Authors: Calum Miller, Final year medical student, University of Oxford; C’Zar Bernstein, BPhil graduate philosophy student, University of Oxford; Joao Fabiano, DPhil philosophy student, University of Oxford; Mahmood Naji, Final year medical student, University of Oxford
One of the first things we did after seeing the election news on the morning after the election was to post a Facebook status including the following: “austerity, despite its necessity, creates difficulty. I hope my fellow Conservatives won’t be blind to the difficulties people go through as a consequence of this result and will step up to do their part combating those hardships”. Other statuses around the same time lauded the Liberal Democrats and expressed regret at Vince Cable and Simon Hughes’ departure from Parliament.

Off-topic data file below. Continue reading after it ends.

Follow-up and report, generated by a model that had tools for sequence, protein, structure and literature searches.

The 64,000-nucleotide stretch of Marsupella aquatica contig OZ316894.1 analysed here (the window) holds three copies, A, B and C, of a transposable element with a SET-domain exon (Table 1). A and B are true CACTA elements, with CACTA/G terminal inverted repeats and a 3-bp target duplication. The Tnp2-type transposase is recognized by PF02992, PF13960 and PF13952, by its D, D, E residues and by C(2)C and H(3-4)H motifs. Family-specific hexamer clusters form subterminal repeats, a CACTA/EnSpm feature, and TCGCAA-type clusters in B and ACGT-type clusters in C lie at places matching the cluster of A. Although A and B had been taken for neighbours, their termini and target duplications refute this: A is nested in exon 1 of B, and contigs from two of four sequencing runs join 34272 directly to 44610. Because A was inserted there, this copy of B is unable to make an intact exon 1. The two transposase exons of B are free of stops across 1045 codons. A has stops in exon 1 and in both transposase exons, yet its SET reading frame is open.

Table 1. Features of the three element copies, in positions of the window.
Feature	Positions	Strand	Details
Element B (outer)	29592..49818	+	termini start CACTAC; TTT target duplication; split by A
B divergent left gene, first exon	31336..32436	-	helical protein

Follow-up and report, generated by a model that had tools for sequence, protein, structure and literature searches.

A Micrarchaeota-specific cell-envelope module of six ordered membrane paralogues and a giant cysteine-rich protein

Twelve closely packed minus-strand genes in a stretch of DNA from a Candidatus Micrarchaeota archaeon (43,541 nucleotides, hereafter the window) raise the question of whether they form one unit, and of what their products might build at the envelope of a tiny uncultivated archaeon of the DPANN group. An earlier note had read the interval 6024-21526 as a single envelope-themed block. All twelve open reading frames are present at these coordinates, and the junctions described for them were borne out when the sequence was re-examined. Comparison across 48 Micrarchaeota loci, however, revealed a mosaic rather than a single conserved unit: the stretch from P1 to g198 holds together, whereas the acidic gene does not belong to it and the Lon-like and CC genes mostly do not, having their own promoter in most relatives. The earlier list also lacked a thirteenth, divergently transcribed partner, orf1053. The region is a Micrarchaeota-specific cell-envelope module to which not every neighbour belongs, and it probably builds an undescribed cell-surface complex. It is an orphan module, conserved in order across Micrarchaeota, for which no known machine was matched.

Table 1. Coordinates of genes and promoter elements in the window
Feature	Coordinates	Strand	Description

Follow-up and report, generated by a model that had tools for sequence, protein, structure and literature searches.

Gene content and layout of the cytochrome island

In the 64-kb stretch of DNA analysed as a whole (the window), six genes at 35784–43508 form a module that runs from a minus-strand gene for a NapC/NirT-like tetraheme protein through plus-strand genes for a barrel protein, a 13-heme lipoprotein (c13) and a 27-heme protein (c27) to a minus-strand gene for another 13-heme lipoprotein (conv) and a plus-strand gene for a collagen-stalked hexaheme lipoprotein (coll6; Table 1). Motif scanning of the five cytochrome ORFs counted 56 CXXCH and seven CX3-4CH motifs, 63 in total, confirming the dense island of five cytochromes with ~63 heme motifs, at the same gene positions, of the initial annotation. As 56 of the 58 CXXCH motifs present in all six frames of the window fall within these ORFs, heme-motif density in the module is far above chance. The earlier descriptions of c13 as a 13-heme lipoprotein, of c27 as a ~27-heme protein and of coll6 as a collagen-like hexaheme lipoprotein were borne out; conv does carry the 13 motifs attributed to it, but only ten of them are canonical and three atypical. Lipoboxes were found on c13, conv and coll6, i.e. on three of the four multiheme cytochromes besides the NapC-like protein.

According to Rebecca Roache, these are the words of people who are immune to reason, brainwashed by Murdoch, and whose views are as objectionable as racist and sexist views. We maintain the contrary – not only that this is manifestly false, but that Roache’s own position is far more consonant with the bigoted attitudes against which she protests. It would be easy to respond in kind, simply preaching to our own choir about how awful liberals are and how we should make their views socially unacceptable. This would only serve to deepen political division, however, and is unlikely to move us forward as citizens, rational agents or friends.
Roache’s first main reason for unfriending her conservative friends on Facebook is that engaging with conservatives on political issues is fruitless. Even if this premise were plausible, it would be hard to imagine a premise worse suited to secure this conclusion.
The views, opinions and positions expressed by these authors and blogs are theirs and do not necessarily represent that of the Bioethics Research Library and Kennedy Institute of Ethics or Georgetown University.